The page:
As we all know, Cleveland Browns quarterback Johnny Manziel’s weekend antics—and the fact that he was completely disingenuous about staying out of the public eye or away from bringing negative attention to his team—has cost him the starting job that head coach Mike Pettine gifted him with a week ago. Not only is Manziel not the No. 2 on the depth chart behind Josh McCown but he’s been demoted all the way to third string behind Austin Davis. He’s not even likely to dress for Monday night’s game against the Baltimore Ravens.
This one last chance to live up to Pettine’s and the Browns’ 2015 motto of “words into actions,” has likely sealed Manziel’s fate in Cleveland. Once supported by the front office and owner Jimmy Haslam, that support seems to be running out. Regardless of what happens in terms of who keeps their jobs and who gets fired at the season’s end, Manziel is so far out of favor that no current or would-be Browns coaching staff will be willing to hitch their wagon to his rapidly falling star.
So, what do the Browns do next? And what, from a salary cap standpoint, would it cost the Browns to separate themselves from Manziel, when and if they so choose to?
When Manziel was drafted with the 22nd-overall pick in 2014, his rookie contract salary was already set. Teams must follow a strict set of guidelines when compensating their draft picks, as mandated by the CBA. While picks in Rounds 2 and beyond have a slightly more fluid compensation structure, in Round 1, it’s mostly a set-in-stone thing. He signed his contract of June of that year, a four-year deal worth $8,248,596, with $7,998,596 of it guaranteed, and $4,318,980 of that guarantee coming in the form of a signing bonus paid in equal amounts over each of the deal’s four years. It also came built-in with a fifth-year option, as is the case with all Round 1 NFL draft picks. It’s more than fair to assume that option will not be exercised by the Browns.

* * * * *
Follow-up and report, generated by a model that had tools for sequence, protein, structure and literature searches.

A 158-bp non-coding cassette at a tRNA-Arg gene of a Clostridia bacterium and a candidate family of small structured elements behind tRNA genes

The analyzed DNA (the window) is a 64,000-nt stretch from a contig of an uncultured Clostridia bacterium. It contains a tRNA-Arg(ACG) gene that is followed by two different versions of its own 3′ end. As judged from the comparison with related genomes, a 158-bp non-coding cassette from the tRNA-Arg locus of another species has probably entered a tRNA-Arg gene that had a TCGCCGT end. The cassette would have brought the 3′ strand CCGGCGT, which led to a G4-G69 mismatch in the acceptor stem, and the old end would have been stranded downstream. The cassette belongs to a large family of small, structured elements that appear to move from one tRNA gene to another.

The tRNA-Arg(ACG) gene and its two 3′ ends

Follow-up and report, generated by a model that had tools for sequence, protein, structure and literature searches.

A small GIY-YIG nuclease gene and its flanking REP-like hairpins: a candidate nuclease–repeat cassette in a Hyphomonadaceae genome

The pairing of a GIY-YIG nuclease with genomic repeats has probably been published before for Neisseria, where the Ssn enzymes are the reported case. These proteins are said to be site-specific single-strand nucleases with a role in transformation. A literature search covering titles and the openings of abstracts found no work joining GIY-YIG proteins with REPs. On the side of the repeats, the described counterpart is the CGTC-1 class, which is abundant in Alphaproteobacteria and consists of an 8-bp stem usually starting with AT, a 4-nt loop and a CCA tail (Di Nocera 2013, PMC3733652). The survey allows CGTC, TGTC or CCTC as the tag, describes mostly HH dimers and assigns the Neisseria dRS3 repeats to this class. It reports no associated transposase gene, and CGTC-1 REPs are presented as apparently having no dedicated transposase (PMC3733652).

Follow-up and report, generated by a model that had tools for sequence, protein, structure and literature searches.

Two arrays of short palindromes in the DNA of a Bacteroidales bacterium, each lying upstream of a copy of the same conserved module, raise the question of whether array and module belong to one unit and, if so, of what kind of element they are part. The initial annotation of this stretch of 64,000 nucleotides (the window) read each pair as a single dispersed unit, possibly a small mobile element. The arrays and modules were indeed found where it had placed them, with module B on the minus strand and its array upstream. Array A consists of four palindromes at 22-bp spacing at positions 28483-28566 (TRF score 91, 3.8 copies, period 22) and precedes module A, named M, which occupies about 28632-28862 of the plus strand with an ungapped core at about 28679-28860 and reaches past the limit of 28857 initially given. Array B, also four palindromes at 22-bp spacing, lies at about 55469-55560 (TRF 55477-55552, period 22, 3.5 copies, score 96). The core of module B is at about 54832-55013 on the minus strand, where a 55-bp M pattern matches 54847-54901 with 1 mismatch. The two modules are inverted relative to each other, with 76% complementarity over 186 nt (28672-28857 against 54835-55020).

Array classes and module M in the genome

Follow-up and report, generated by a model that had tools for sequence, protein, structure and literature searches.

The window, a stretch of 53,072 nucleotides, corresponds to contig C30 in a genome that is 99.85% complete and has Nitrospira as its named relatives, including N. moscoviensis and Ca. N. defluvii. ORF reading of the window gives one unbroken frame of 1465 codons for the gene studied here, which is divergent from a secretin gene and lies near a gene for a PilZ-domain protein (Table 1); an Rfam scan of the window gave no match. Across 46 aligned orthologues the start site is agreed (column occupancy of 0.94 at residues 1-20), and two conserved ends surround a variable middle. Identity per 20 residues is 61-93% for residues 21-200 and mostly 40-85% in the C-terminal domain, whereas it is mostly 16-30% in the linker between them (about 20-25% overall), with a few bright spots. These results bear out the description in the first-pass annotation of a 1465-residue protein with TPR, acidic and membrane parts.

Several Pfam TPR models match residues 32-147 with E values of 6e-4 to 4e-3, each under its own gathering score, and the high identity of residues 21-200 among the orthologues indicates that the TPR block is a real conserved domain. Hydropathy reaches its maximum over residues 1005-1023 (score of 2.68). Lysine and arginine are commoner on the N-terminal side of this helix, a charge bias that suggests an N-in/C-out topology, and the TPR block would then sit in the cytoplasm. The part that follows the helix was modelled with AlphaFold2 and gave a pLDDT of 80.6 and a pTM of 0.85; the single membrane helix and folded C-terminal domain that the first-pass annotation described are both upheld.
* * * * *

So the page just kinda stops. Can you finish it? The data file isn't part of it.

In 2015, Manziel accounts for $1,874,681 of the Browns’ total cap hit, with $794,936 of it salary and $1,079,745 in signing bonus. In 2016, he’ll be making $1,169,872 in base salary and hanover $1,079,745 in signing bonus, for a cap hit of $2,249,617. If the Browns cut him outright at the close of the 2105 season, they will absorb $4,624,170 in dead money—his 2016 and 2017 base salaries plus his prorated roster bonus. Should they do it now, it will be slightly higher than that, accounting for the fact that 11 of his 17 weeks’ worth of paychecks have already been doled out. These are all cap figures the Browns can absorb, given their over $20 million in cap space they have currently and the potential for up to $175 million to spend in 2016. It is, though, also an admission of failure, and an embarrassing one at that.
But the embarrassment has already taken hold. The Browns need to find a way to save face for the Manziel debacle, and barring a willing trade partner, may just have to absorb Manziel’s dead money and move on. At this point, the only team that seems a potential trade partner for Manziel is the Dallas Cowboys, whose owner Jerry Jones had to be physically restrained from drafting Manziel in 2014 by his own son. But the Cowboys aren’t exactly cash-flush right now, with just over $12 million in current cap space and an ill-advised contract extension likely ahead for defensive end Greg Hardy. And after the public relations debacle the Hardy signing has been in the first place, there’s no guarantee that he’ll get his extension; and it could also serve to turn the Cowboys off from a problem child like Manziel when the dust settles.
So, if the Browns want to move on from Manziel, they’ll likely just have to eat his contract and chalk it up to (yet another) Round 1 failure. As long as it serves as some kind of positive learning experience for the team’s decision makers on personnel and the draft, then perhaps something good can come from the failed Manziel experiment.
Salary cap and contract data via Spotrac.com unless otherwise noted